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How Women Are Changing And Paving The Way For Other Women To Take Entrepreneurship

Entrepreneurship in India is pacing its way to become the next revolutionary movement, and women entrepreneurs are at the frontlines of this growing industry.

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“Where the mind is without fear, and the head is held high” are the words of Rabindranath Tagore. They are words that are befitting to the nature of all hard-working women. Today, as we move from one generation to another, the world holds a better place for equality among all human beings. Today, it is safe to say women have made a notable mark with their presence in various professional fields. Mothers of home, leaders of a country, domestic workers, head of a company, an entrepreneur or a car mechanic. You name it; women are there. However, today we will be focusing on the entrepreneurial side of work and the journey women have embarked on becoming successful.

India is a diversified country with rich culture, ethnicity and is an important biodiversity hotspot. However, women and inequality are widely prevalent in both personal and professional spaces. However, times are changing, and women are pacing ahead of pre-historic societal notions. Starting with statistics, the economic census states that the percentages of women entrepreneurs in India make up 8.05 million out of 58.5 million, according to the Sixth Economic Census. Entrepreneurship in India is pacing its way to become the next revolutionary movement, and women entrepreneurs are at the frontlines of this growing industry.

Women in the Field of Entrepreneurship?

Entrepreneurship is a field that is expanding with each passing day. In case you’re wondering how this is possible, the answer is “start-up culture.” The start-up ecosystem in India comprises over 74,000, while more than 7,000 is funded by the Government under the StartUp India scheme.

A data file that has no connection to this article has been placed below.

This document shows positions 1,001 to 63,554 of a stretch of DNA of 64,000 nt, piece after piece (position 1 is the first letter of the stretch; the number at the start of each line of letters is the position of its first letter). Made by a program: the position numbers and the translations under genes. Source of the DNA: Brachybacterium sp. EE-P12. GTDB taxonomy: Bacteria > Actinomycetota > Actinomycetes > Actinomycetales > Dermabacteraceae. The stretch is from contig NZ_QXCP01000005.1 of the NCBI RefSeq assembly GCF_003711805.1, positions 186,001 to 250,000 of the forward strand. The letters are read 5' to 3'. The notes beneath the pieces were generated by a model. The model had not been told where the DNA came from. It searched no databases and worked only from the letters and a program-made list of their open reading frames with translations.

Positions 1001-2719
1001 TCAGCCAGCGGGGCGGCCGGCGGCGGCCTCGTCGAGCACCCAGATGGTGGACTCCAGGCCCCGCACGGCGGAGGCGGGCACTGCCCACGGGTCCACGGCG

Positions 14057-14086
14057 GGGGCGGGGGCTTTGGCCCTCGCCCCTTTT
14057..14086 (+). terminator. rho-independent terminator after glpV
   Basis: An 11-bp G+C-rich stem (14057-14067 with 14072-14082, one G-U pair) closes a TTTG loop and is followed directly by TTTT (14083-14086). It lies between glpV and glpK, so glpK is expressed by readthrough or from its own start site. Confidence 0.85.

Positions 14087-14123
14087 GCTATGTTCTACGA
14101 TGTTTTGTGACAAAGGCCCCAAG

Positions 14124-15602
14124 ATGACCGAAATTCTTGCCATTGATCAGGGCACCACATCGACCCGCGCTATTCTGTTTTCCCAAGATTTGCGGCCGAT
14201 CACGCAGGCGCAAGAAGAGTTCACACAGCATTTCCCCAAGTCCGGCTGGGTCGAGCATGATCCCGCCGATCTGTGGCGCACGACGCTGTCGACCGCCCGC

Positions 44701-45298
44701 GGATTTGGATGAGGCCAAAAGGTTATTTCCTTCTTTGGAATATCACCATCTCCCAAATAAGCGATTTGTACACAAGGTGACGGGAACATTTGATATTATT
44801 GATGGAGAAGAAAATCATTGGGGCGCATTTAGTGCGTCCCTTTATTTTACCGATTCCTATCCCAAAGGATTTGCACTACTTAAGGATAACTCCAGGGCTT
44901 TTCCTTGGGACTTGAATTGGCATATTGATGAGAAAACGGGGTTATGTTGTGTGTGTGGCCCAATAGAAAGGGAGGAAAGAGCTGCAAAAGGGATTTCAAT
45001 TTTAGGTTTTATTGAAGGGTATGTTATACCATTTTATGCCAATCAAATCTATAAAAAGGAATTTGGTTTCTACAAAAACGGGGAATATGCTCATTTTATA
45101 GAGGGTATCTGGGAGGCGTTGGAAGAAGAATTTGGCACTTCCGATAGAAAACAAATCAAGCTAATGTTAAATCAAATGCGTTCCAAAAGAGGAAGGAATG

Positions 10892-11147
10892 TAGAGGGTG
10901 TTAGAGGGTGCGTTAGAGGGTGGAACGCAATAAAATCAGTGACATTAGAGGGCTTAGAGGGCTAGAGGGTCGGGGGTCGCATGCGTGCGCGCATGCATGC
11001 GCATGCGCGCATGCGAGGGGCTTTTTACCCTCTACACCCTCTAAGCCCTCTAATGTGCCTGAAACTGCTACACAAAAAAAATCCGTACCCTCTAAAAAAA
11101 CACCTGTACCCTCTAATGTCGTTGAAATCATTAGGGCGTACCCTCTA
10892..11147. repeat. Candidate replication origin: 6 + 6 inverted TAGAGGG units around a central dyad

The StartUp India scheme works towards nurturing entrepreneurship skills among women. With this scheme, women entrepreneurs are increasing manifold. Women entrepreneurs account for 14% of entrepreneurs in India, according to recent statistics.

Businesses owned by women play a significant role in bringing constructive changes to society. Not only are they an inspiration to other women, but they balance the growth of the economy.

Current Entrepreneurship Landscape for Women in India

Entrepreneurship occupies an essential place in the growth of the economy. A balance between the contribution of both women and men cannot be ignored in the entire process. However, the contribution differs from one region to another. In India, statistics show a sharp decline of women entrepreneurs in rural places. Some of the main problems women face are finance, which leaves trails for challenges to acquire raw materials, competition, familial roles, lack of education, dominant male societies, and the list goes on.

However, the government and other Non-profit organisations are paying attention to women’s problems in entrepreneurship. The development of women, in general, is a priority of the government since Independence. Initiatives like including the welfare of women in Five Year Plans since 1951, implementing new policies for the Survival, Protection and Development of Women, coupled with over twenty-seven schemes, assure women of their role outside their homes. Most of the schemes are under the Integrated Rural Development Programme, expanding over a wide range of women’s development.

Future Prospects for Women Entrepreneurs

Women in business are picking up with the pace of the world. While ethical morals are left behind, women pick them up on the way to success all over again.

Today, Indian women are also making their mark in helping to re-shape the perception of Indian society. Women entrepreneurs’ core intention lies in inspiring other women to venture outside their homes’ four walls. With ongoing policies, educational schemes, access to media and start-up culture, women can now dream and work to be a part of a global entrepreneurial culture.

Disclaimer: The views expressed in the article above are those of the authors' and do not necessarily represent or reflect the views of this publishing house. Unless otherwise noted, the author is writing in his/her personal capacity. They are not intended and should not be thought to represent official ideas, attitudes, or policies of any agency or institution.


Shikha Kumar

Co-founder & Director, Nino Bambino

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